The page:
Consumers

Website Review: SoldOutAfterCrisis.net is a Real Disaster

Website Review: SoldOutAfterCrisis.net is a Real Disaster

Have you seen advertisements for SoldOutAfterCrisis.net, a website which claims it will help you in a disaster by telling you which items to stock up on in the case of a disaster? Though the idea of disaster preparedness is great, we’re less than impressed with this website and their product.

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Ads for SoldOutAfterCrisis.net have been around for a little over a year, though it seems as though we’re seeing more of them lately. And though we wholeheartedly endorse disaster preparedness, we’re not as thrilled about someone using scare tactics to make money on readily available information and common knowledge. For reasons given below, we’ll categorize SoldOutAfterCrisis as a sort of “disaster” in its own right.

Website
The headline on SoldOutAfterCrisis.net claims to offer you “37 food items you can’t get in the coming disaster and may not survive without…” The site itself has the feel of a Clickbank affiliate website generated from a template. Clickbank is full of websites with very similar layouts, all heavily marketed by affiliates. The entire website is nothing more than a rambling one-page sales pitch, which never really tells you anything, other than trying to scare you into buying their product. It’s almost insulting the way they dangle “these 37 items” in front of the reader with absolutely no information ever given.

SoldOutAfterCrisis.net  was registered May 4, 2011, and registered to “Survival Products.” SoldOutAfterCrisis.com has the exact same registration info, including the same registration date.

Fake Photo of Damian Campbell
The website is supposedly presented by a man named “Damian Campbell” and we’re shown a photo of him. The problem is – that photo is of a male model from iStockPhoto. The iStockPhoto description of the photo reads:

30-40 white male smiling, dimple on right cheek, a little distinguished graying on the chinny chin chin

Would you trust a website that presents a fake photo of its creator?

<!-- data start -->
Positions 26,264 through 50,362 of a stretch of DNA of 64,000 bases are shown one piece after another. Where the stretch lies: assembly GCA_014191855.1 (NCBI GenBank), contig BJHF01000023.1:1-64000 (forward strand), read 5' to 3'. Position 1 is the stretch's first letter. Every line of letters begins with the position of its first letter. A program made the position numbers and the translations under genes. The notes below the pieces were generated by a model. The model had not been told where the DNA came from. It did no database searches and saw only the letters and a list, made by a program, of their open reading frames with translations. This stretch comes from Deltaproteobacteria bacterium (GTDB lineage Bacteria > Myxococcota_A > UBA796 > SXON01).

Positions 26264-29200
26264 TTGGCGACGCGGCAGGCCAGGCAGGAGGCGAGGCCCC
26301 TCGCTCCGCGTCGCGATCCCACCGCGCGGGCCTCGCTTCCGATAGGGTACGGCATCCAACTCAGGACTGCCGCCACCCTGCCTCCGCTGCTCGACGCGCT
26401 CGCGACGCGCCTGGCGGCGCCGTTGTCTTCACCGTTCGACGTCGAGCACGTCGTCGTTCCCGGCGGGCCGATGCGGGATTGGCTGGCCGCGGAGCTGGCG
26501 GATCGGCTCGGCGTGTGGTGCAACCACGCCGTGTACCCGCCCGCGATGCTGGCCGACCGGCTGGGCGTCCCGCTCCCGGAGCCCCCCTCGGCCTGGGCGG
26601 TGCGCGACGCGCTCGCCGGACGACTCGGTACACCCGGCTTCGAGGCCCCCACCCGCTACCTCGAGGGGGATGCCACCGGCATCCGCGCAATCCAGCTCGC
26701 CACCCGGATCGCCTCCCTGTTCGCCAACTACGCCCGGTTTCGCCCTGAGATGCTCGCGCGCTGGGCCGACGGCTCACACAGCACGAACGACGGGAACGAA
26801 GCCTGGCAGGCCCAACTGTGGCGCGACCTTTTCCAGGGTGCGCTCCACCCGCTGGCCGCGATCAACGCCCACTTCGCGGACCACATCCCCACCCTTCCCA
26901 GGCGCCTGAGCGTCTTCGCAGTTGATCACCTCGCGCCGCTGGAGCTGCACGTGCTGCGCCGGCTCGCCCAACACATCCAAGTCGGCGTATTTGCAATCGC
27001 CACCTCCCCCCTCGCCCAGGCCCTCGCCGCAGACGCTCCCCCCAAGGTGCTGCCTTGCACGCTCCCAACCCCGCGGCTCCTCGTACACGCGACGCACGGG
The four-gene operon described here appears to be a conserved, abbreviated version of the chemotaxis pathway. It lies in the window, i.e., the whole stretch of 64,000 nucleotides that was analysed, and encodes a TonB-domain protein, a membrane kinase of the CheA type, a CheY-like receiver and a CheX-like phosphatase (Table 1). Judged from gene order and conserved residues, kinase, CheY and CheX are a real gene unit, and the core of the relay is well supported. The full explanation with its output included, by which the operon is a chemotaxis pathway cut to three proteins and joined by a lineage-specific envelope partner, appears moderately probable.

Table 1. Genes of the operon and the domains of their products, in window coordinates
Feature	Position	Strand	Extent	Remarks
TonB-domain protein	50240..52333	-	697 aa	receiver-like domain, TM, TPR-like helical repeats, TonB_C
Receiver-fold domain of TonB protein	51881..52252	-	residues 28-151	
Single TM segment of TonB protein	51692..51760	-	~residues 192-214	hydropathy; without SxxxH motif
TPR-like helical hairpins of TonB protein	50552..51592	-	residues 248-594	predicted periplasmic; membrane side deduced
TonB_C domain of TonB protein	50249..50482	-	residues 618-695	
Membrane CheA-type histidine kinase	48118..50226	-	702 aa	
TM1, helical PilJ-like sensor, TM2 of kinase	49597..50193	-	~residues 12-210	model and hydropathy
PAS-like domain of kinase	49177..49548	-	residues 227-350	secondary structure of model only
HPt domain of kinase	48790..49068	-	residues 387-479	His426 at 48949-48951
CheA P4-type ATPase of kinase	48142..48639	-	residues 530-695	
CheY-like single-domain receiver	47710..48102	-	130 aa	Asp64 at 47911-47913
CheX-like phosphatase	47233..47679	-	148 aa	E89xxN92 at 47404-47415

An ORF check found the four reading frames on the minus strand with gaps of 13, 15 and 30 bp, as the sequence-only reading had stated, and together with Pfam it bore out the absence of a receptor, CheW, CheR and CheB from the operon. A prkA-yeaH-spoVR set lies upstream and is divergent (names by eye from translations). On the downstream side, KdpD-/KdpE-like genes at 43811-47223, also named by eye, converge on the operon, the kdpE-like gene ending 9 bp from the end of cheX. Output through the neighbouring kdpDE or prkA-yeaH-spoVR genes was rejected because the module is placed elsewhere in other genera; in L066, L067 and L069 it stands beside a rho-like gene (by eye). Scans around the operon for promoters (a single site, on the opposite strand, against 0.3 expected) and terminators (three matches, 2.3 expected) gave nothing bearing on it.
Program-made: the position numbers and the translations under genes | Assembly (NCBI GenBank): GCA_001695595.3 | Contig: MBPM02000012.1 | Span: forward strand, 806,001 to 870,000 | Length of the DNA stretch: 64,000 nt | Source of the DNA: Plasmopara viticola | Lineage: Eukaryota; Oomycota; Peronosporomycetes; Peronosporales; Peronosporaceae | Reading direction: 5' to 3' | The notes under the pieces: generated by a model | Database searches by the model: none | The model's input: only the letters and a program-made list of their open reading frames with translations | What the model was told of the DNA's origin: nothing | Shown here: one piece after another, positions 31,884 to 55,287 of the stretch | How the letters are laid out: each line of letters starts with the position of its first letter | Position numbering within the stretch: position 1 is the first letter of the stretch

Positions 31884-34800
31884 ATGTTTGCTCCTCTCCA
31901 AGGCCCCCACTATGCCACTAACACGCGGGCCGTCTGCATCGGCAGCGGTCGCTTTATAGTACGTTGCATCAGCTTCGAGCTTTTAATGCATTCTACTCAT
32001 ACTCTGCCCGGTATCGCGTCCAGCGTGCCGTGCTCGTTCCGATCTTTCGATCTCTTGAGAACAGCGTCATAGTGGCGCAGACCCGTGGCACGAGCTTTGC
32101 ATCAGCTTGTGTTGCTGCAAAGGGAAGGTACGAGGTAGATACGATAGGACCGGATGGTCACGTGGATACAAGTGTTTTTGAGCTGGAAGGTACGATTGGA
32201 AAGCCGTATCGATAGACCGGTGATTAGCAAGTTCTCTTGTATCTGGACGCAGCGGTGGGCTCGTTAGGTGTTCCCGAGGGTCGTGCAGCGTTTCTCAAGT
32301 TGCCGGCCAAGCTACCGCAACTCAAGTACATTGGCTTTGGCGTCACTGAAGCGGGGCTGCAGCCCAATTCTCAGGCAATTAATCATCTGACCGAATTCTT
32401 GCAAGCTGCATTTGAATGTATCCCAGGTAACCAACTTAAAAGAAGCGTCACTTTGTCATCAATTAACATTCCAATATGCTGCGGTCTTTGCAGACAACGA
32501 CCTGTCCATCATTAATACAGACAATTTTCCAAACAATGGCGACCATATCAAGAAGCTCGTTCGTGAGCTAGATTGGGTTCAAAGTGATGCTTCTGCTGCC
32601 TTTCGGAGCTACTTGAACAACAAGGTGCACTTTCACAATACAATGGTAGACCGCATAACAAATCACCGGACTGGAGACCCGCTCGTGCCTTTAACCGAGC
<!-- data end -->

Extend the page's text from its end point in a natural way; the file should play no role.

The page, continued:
Product
A reader of ours graciously allowed us to view the product offered by SoldOutAfterCrisis.net. As a very amateur survivalist, I found the information to be mind-numbingly basic. Most of the information is common knowledge that anyone who maintains a household would know to keep on hand. In fact, all you need to do is to Google a phrase such as “Emergency Food Storage” and you could easily amass a better set of items for free than the 37 items they advertise here.

Alternative Survival Websites
Below is a list of links containing more than enough free survival information for anyone looking to set up a disaster survival kit.

  • The Red Cross has a basic Family Survival kit listed here.
  • Some have gone into even more detailed survivalist lists, such as this one.
  • For a little more interactivity, check out Survivalist Boards which has a tremendous community and loads of free info.
  • The LDS also offers a free survival booklet for download.

In the list of links above, you’ll find more than enough information to create a survival kit, without wasting money on a Clickbank affiliate product such as SoldOutAfterCrisis.net.

Bottom Line
SoldOutAfterCrisis.net is a Clickbank affiliate sales pitch with basic information you can easily find online for free. Their one-page sales pitch coupled with an obvious fake photo of the site’s supposed creator is all we need to see in order to feel this is a waste of time. If you are serious about survival and crisis info, visit one of the links we provided above for a good (and free) introduction.

Your Thoughts
Have you seen or purchased from SoldOutAfterCrisis.net or SoldOutAfterCrisis.com? Let us hear your experience in the comments below.

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